Data may be read from memory elements 20, as indicated by box 86. During read operations, transistors in memory elements 20 may be provided with body biases at appropriate read strength settings. The body biases associated with the read strength settings may weaken the address transistor TN1 of FIG. 5. Read strength body biases may also strengthen latch transistors TN2, TN3, TP2, and TP3 of FIG. 5. The data in memory elements 20 may be read while the memory cell transistors are body biased at their appropriate read strength settings. After reading operations are complete, transistors in memory elements 20 may be supplied with body biases at strength settings appropriate for normal operation.

Due to process variations, some transistors that are designed to be uniform on device 10 may actually differ slightly in strength. Body bias control circuitry 50 may used to provide body bias voltages that compensate for these variations. For example, as indicated in box 90 of FIG. 9, transistors in a fabricated circuit may be characterized as fast, slow, or typical. Test equipment may be used to make these characterizing measurements.

Body bias control circuitry may then be configured to provide different body bias voltages to transistors of different speed characterizations, as indicated by box 92 of FIG. 9. For example, if a typical NMOS forward bias is 0.3 volt and a typical NMOS reverse bias is −0.5 volts, then a slow NMOS transistor might receive a compensating forward bias of 0.4 volts and a compensating reverse bias of −0.4 volts. These bias voltages may increase the strength of the slow NMOS transistor so that it becomes similar to that of the typical NMOS transistor. A fast NMOS transistor might receive a forward bias of 0.2 volts and a reverse bias of −0.6 volt. These body bias voltages may decrease the strength of the fast NMOS transistor so that it becomes similar to the typical NMOS transistor, as indicated by step 94 of FIG. 9. Compensating body bias settings may be stored on an integrated circuit (e.g., in fuses or other nonvolatile memory) for later retrieval and use. The particular values of body bias voltages described here are merely examples.

Likewise, if a typical PMOS transistor forward bias is Vcc−0.3 volts and a typical PMOS transistor reverse bias is Vcc+0.5 volts, then a slow PMOS transistor might receive a forward bias of Vcc−0.4 volts and a reverse bias of Vcc+0.4 volts. A fast PMOS transistor might receive a forward bias of Vcc−0.2 volts and a reverse bias of Vcc+0.6 volts. These body bias voltages may decrease the strength of the fast PMOS transistor and increase the strength of the slow PMOS transistor so that fast, slow, and typical PMOS transistor run at similar speeds, as indicated by box 94 of FIG. 9. The use of these particular values of body bias voltages to adjust PMOS transistors is merely illustrative.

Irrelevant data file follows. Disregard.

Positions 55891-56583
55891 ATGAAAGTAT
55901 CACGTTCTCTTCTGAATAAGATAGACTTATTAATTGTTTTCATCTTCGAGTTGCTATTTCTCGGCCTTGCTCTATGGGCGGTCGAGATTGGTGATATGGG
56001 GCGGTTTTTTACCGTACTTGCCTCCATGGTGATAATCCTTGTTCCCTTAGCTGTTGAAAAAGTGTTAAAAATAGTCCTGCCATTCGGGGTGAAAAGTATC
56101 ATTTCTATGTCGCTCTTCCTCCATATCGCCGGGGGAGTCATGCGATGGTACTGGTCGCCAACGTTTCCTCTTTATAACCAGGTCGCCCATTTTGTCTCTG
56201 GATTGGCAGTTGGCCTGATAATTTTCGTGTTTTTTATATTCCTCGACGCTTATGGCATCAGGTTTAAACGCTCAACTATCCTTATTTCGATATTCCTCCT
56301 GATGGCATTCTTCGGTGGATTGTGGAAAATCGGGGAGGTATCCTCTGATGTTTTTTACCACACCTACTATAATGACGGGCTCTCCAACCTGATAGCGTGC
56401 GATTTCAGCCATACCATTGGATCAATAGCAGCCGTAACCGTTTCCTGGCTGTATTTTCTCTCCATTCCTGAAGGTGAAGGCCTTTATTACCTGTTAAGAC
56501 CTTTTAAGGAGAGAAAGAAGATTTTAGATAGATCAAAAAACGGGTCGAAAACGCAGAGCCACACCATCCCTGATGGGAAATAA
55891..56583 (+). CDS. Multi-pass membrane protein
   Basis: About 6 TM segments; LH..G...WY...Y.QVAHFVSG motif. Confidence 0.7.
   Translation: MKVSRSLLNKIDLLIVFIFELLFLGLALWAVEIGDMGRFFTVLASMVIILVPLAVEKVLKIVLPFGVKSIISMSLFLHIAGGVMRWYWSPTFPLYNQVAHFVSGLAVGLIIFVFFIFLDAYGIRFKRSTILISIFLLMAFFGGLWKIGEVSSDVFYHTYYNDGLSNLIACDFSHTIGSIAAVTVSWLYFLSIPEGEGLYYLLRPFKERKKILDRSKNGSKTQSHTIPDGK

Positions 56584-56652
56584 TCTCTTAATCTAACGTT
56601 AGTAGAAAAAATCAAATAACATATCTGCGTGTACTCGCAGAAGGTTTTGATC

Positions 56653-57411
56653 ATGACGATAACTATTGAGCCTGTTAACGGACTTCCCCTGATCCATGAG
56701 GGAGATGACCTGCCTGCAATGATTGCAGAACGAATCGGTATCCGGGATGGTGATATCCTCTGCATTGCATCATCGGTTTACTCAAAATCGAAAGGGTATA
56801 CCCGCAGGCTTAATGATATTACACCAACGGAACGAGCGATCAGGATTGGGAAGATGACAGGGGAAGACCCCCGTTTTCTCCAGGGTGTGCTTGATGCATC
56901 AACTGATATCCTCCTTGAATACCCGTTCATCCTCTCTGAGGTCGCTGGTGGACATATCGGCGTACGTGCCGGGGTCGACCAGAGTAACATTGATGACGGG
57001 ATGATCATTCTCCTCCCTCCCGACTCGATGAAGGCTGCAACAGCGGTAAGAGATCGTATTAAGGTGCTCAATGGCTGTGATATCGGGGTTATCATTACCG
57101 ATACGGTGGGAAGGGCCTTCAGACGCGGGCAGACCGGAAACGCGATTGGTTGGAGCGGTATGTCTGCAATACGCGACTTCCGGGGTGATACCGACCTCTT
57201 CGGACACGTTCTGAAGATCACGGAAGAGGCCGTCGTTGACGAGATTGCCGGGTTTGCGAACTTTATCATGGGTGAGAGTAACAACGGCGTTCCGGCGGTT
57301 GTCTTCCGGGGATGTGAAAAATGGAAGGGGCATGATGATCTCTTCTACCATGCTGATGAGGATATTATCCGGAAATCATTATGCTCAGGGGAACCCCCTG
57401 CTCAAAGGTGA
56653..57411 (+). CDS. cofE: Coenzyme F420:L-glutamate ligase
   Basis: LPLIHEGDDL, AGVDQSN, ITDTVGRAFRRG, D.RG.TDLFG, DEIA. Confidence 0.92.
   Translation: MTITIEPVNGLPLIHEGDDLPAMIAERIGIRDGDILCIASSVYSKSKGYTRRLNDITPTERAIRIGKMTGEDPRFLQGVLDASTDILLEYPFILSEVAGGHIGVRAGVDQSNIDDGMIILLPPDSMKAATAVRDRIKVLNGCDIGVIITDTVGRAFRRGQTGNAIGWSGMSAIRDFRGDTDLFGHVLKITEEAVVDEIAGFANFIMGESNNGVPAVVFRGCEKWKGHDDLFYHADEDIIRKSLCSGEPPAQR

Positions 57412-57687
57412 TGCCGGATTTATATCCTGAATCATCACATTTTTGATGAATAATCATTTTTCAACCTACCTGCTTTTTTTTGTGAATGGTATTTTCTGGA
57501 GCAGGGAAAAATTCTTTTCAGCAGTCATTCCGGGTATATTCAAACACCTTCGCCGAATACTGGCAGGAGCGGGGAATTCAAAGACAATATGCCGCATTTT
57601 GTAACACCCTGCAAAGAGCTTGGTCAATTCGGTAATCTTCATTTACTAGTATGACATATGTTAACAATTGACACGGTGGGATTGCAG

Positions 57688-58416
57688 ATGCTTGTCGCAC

The use of body bias control circuitry to control the strengths of memory element transistors to improve read margins and write margins may used in conjunction with other strategies for improving read margins and write margins. For example, during a writing operation, power supply circuitry in circuitry 24 may be used to selectively weaken certain memory cell components relative to others by supplying a smaller power supply signal to those memory cell components. In another example, address lines 34 in FIG. 1 may selectively be supplied with an “overdrive” voltage, so that the magnitude of an address ADD signal with logic value one has a higher “overdrive” value.

The foregoing is merely illustrative of the principles of this invention and various modifications can be made by those skilled in the art without departing from the scope and spirit of the invention.

Patent Citations
Cited PatentFiling datePublication dateApplicantTitle
US6492233Feb 20, 2001Dec 10, 2002Micron Technology, Inc.Memory cell with vertical transistor and buried word and body lines
US6943083Nov 17, 2004Sep 13, 2005Micron Technology, Inc.Merged MOS-bipolar capacitor memory cell
US7508697 *May 9, 2007Mar 24, 2009Purdue Research FoundationSelf-repairing technique in nano-scale SRAM to reduce parametric failures
US7596013 *Nov 20, 2007Sep 29, 2009Renesas Technology Corp.Semiconductor integrated circuit and manufacturing method therefor
US7742325 *Dec 17, 2007Jun 22, 2010Suvolta, Inc.Swapped-body RAM architecture
US20070047364Aug 31, 2005Mar 1, 2007International Business Machines CorporationMethods and apparatus for varying a supply voltage or reference voltage using independent control of diode voltage in asymmetrical double-gate devices
US20070076467 *Oct 3, 2006Apr 5, 2007Renesas Technology Corp.Semiconductor memory device
US20070205824Mar 6, 2006Sep 6, 2007Srinivas PerisettyAdjustable transistor body bias circuitry
Classifications
U.S. Classification365/154, 365/190, 365/189.09
International ClassificationG11C11/00
Cooperative ClassificationG11C11/412
Legal Events
DateCodeEventDescription
Dec 29, 2008ASAssignment
Owner name: ALTERA CORPORATION, CALIFORNIA
Free format text: ASSIGNMENT OF ASSIGNORS INTEREST;ASSIGNORS:RAHIM, IRFAN;LIU, JUN;LEE, ANDY L.;AND OTHERS;SIGNING DATES FROM 20081211 TO 20081218;REEL/FRAME:022037/0358